AMERICANS IDENTIFIED: There are now still 1,678 Americans listed by the Defense POW/Missing Personnel Office (DPMO) as missing and unaccounted-for from the Vietnam War. On November 15th, DPMO added one name to the list of accounted-for US personnel: First Lieutenant Robert E. Bennett, III, USAF, from New Jersey. 1LT Bennett was listed as KIA/BNR in South Vietnam on December 13, 1967. His remains were recovered April 13, 2010 and identified November 15, 2011. The number of Americans returned and identified since the end of the Vietnam War in 1975 is now 905; another 63 US personnel, recovered post-incident and identified before the end of the war, bring the total to 968. Of the 1,678 unreturned American veterans from the Vietnam War, our POW/MIAs, 90% were lost in Vietnam or in areas of Laos and Cambodia under Vietnam’s wartime control: Vietnam–1,287 (VN-472, VS-815); Laos–326; Cambodia–58; Peoples Republic of China territorial waters–7; over 450 were over-water losses.
PRESIDENT’S HOLIDAY MESSAGE: An electronic Holiday Message from President Obama was received tyesterday, a thoughtful note commending those who serve and, very importantly to all of us still seeking answers, a specific commitment to achieving the accounting for our missing loved ones. In part, the message stated: “As a grateful Nation, we also remember the sacrifices of those who have not returned from the battlefield, and we will not rest until we have accounted for the missing members of our Armed Forces.” We appreciate the President’s renewed commitment, especially in this time of policy and budgetary uncertainty in the Defense Department “accounting community,” and are confident the DoD bureaucracy will carefully review and consider the President’s words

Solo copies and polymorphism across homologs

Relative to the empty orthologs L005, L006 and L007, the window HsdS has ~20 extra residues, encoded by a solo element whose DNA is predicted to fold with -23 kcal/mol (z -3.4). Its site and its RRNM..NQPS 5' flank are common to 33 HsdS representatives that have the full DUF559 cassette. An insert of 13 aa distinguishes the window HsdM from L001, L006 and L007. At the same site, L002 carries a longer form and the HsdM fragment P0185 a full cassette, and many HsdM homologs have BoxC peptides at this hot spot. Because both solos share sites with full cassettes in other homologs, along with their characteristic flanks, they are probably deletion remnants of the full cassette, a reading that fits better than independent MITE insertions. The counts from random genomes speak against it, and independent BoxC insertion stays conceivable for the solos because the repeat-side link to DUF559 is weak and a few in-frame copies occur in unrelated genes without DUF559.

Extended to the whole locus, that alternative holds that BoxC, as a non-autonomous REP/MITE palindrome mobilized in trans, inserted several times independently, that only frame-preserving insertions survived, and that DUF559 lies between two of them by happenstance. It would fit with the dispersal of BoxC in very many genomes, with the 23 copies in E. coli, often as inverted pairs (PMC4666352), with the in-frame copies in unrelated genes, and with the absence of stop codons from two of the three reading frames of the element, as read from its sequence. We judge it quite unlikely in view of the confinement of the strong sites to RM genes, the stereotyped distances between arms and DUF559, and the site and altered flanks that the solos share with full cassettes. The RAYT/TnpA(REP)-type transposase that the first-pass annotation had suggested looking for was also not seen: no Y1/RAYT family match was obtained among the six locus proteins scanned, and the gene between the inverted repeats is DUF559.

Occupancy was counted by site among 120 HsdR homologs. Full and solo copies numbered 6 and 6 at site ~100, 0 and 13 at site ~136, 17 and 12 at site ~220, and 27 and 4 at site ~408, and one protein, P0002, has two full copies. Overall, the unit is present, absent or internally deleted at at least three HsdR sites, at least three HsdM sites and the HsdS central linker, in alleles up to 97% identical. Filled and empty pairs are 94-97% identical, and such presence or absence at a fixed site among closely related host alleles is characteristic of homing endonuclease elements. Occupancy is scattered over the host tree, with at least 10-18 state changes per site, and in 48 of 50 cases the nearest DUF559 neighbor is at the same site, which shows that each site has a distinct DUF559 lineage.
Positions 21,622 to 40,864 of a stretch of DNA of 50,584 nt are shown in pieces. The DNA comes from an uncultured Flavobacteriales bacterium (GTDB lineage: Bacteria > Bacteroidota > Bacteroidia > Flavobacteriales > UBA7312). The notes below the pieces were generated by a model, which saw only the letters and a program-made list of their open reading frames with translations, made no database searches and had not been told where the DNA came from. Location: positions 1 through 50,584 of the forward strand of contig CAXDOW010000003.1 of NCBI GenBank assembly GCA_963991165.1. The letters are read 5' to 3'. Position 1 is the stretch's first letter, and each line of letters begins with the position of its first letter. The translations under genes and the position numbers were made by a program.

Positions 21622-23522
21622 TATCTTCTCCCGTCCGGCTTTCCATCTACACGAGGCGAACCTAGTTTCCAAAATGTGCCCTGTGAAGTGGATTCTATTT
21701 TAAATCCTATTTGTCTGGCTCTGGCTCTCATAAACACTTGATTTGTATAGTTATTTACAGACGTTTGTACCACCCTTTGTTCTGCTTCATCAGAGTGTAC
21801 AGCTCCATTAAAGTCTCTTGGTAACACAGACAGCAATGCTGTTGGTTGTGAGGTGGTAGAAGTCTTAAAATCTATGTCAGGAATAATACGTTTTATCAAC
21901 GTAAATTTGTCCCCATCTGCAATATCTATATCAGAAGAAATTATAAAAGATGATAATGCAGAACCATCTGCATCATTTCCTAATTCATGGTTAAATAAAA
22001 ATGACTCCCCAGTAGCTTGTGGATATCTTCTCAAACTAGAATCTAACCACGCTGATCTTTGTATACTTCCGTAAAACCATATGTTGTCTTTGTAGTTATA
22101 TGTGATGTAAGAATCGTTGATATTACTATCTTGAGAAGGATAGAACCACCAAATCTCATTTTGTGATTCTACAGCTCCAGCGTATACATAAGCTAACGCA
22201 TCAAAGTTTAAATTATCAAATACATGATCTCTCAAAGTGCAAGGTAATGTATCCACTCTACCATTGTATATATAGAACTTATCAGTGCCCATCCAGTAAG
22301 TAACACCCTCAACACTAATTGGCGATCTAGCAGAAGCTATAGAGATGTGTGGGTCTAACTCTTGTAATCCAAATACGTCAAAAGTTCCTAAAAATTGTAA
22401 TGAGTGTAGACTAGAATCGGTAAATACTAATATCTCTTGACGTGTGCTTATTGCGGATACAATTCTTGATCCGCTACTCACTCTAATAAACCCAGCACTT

HOUSE RESOLUTION INTRODUCED: Congressman Walter Jones, R-NC, recently introduced H. Res. 485, calling for several important steps by the Secretary of Defense and, most importantly, signaling the need for additional funding to ensure that priority on the accounting mission is sustained and expanded. Though very unlikely to be voted on before Congress reconvenes next year, it is very important that additional House Members sign on to co-sponsor and register their support. PLEASE CONTACT YOUR ELECTED HOUSE MEMBER; ask him or her to contact Congressman Jones’ Military/Legislative Assistant, Ray Celeste, 202-2226-5241 or [email protected]
ACCOUNTING COOPERATION: JPAC is continuing a newly tested recovery process in Vietnam, with Vietnamese Recovery Teams (VRTs) handling all logistic requirements and advance preparation, before being joined by a smaller number of US personnel. This new recovery construct is viewed as a way to expand the pace and scope of field operations, called for by Vietnam since the League Delegation’s visit in March 2009. Initial reports indicated the process is working well; therefore, it has been continued. Field operations are completed for 2011. Due to the lack of a helicopter contract for transporting teams to remote locations, the Lao Government has been asked to permit ground transportation of joint teams to selected sites, with a deadline of December 31st to enable the January JFA (Joint Field Activities) to proceed. The League has also intervened with the Lao Government, appealing for a favorable decision.
A small US team successfully conducted recovery operations in Laos in November but, in early December, JPAC Commander MG Stephen Tom, USAR, conveyed the message to the Lao Government that cost factors and other conditions imposed made extending the helicopter contract illogical. In fact, most Lao Aviation helicopters do not meet safety requirements for transporting US military personnel and, unfortunately, the Lao Government did not extend the existing contract with the privately owned Lao West Coast helicopter company. It will take time to sort out the situation and try to reach agreement; however, in the interim, the League is hoping (as is JPAC) that the Lao Government will respond positively by December 31st, so that more time is not lost.